Data for AI

We are offering custom audio datasets according to your specifications.

Each dataset may include any number of languages and voice talents. We are working with over 100 languages and if our growing casting doesn’t include what you need, we are specialists in sourcing talents thanks to our global network of partner studios and vendors.

We have over 20 years of experience in multilingual audio projects. We can offer a wide range of solutions that meet your needs depending on how much involvement you require in the overall project.

I want to record 50 native voice talents speaking French Canadian with many English words in the script.

I need to record 1000 segments with a group of 100 voice talents evenly distributed across a specific region.

I have to record portions of a given script with overlapping content by a selection of 75 talents, I have specific requirements regarding age and gender for the selected group of speakers.

I'm looking to source as many available talents as possible for a given set of languages and dialects to record monthly content.


We have the technical abilities to connect directly to any API (e.g using JSON, XML or CVS). We have experience building in-house solutions that handle script preparation, recording and QA inside the same platform to enhance collaboration for large audio and video projects.

We can parse the scripts to be recorded directly from your 

sources and render it into a recording environment friendly script. Then once the audio is recorded, editors can review the deliverables directly on the same web app to start an iterative process until the quality bar is met. We can also populate your databases directly once the audio files and metadata are validated so you can focus on other aspects of your pipeline.

Frequently Asked Questions

In audio signal processing, a dataset is a collection of audio recordings used for various purposes, such as research, analysis, or training machine learning algorithms. Datasets for audio may include different types of audio signals, such as speech, music, environmental sounds, and other types of audio recordings.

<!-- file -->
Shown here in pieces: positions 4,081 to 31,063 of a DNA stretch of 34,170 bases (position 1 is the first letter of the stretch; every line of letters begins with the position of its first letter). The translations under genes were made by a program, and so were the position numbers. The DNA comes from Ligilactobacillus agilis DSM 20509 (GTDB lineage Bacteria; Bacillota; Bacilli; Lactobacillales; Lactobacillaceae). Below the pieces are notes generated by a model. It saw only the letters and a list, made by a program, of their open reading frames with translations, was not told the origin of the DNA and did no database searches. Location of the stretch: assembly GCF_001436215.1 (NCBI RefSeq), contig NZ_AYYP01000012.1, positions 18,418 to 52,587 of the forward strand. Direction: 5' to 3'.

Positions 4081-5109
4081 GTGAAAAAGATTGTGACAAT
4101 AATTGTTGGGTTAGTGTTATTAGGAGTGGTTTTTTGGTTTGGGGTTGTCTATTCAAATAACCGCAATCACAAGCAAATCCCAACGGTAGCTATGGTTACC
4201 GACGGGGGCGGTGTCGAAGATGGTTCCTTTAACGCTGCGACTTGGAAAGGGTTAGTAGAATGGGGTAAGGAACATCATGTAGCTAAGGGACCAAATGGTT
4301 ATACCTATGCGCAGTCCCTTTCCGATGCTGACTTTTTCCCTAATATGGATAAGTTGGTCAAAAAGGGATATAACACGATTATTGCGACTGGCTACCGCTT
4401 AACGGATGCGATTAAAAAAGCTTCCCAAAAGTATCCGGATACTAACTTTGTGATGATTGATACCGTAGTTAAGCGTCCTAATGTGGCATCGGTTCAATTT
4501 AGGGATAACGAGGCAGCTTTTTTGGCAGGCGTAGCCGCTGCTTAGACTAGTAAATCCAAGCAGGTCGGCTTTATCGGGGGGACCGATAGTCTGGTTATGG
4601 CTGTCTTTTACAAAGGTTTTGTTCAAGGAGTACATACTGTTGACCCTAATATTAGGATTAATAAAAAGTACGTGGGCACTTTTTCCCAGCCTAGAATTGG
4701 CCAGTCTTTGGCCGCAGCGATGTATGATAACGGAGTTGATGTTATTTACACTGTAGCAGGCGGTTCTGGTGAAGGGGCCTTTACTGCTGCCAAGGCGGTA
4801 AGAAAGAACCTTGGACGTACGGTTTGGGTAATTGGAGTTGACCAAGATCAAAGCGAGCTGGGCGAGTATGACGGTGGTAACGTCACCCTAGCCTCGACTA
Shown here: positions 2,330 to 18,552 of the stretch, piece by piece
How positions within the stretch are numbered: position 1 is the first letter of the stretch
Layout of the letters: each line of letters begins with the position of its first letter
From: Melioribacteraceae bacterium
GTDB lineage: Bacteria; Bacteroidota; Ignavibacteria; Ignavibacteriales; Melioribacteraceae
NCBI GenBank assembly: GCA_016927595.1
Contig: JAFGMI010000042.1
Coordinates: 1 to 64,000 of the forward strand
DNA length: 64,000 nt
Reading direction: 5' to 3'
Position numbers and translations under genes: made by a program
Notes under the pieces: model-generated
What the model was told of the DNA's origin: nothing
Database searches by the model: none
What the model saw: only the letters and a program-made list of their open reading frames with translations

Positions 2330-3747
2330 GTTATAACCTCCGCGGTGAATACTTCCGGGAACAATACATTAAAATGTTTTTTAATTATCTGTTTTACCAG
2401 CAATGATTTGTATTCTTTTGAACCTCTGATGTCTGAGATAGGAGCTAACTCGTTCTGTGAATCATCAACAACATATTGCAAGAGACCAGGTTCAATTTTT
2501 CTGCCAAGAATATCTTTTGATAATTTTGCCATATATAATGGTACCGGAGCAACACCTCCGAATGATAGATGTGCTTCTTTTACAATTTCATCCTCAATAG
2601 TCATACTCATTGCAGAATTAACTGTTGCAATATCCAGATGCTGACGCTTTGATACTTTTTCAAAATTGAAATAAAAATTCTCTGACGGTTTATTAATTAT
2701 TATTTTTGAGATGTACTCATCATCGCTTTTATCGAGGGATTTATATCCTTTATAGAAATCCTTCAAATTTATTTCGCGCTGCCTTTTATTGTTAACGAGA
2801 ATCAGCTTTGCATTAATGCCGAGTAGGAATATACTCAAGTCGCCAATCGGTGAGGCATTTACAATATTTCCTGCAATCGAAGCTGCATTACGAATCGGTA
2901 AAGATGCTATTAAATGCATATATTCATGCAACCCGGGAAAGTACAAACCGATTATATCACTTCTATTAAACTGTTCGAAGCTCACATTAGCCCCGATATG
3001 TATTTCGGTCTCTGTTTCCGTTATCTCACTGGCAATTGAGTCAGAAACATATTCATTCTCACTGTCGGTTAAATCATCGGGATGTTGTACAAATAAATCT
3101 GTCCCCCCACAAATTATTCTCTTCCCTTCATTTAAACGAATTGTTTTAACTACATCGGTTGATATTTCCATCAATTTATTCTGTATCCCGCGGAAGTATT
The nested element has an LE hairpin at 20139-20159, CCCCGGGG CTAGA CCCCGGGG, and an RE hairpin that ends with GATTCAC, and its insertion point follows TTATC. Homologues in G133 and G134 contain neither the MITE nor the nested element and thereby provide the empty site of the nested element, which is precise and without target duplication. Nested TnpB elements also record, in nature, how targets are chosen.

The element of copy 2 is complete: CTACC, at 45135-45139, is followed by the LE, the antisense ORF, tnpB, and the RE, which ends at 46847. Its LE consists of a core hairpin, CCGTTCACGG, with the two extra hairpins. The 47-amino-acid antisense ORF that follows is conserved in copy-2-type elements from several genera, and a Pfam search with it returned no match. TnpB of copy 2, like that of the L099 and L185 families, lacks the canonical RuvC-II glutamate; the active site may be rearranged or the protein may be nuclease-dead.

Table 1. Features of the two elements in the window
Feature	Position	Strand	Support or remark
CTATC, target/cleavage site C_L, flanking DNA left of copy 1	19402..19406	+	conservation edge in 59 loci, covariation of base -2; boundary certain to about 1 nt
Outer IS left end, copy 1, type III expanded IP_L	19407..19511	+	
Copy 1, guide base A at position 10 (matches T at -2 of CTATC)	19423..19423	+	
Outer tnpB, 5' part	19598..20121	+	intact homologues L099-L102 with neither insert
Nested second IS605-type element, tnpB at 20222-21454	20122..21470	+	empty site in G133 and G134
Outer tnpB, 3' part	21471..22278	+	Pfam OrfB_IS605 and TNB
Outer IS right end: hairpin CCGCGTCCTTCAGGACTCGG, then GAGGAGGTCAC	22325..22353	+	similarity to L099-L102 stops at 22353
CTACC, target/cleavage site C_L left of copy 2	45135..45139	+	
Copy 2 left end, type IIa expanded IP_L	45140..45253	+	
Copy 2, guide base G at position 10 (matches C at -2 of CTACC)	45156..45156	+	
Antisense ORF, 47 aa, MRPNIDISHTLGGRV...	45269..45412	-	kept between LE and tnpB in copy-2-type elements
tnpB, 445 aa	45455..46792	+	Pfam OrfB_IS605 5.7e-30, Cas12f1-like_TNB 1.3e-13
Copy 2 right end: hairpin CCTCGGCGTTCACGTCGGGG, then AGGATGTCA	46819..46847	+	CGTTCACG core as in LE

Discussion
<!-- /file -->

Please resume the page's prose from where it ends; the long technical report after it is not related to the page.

Audio datasets can come in various formats and sizes, depending on their intended use. Some audio datasets may consist of a small number of audio clips, while others may contain thousands or millions of audio recordings. Some standard audio datasets include:

Speech corpora: Speech corpora are collections of audio recordings that are specifically designed for speech recognition or natural language processing tasks. These datasets often contain speech recordings in various languages and accents and may include metadata such as transcriptions or annotations.

Music datasets: Music datasets are collections of audio recordings used for tasks such as music genre classification, mood analysis, or music recommendation. These datasets may include audio clips of different genres, styles, periods, and metadata such as artist, album, and track information.

Environmental sound datasets: Environmental sound datasets are collections of audio recordings used for tasks such as sound event detection, acoustic scene analysis, or noise reduction. These datasets may include recordings of sounds such as traffic, animal sounds, or household appliances and metadata such as the location and time of the recording.

General audio datasets: General audio datasets are collections of audio recordings used for various tasks, such as speech recognition, speaker identification, or sound source separation. These datasets may include different types of audio signals and metadata, such as the recording device or conditions.

Overall, audio datasets are an essential resource for many applications in audio signal processing, and developing high-quality datasets is critical for advancing research and technology in this field.

Datasets for audio can be created in several ways, depending on the specific goals and requirements of the dataset. Here are some standard methods for creating audio datasets: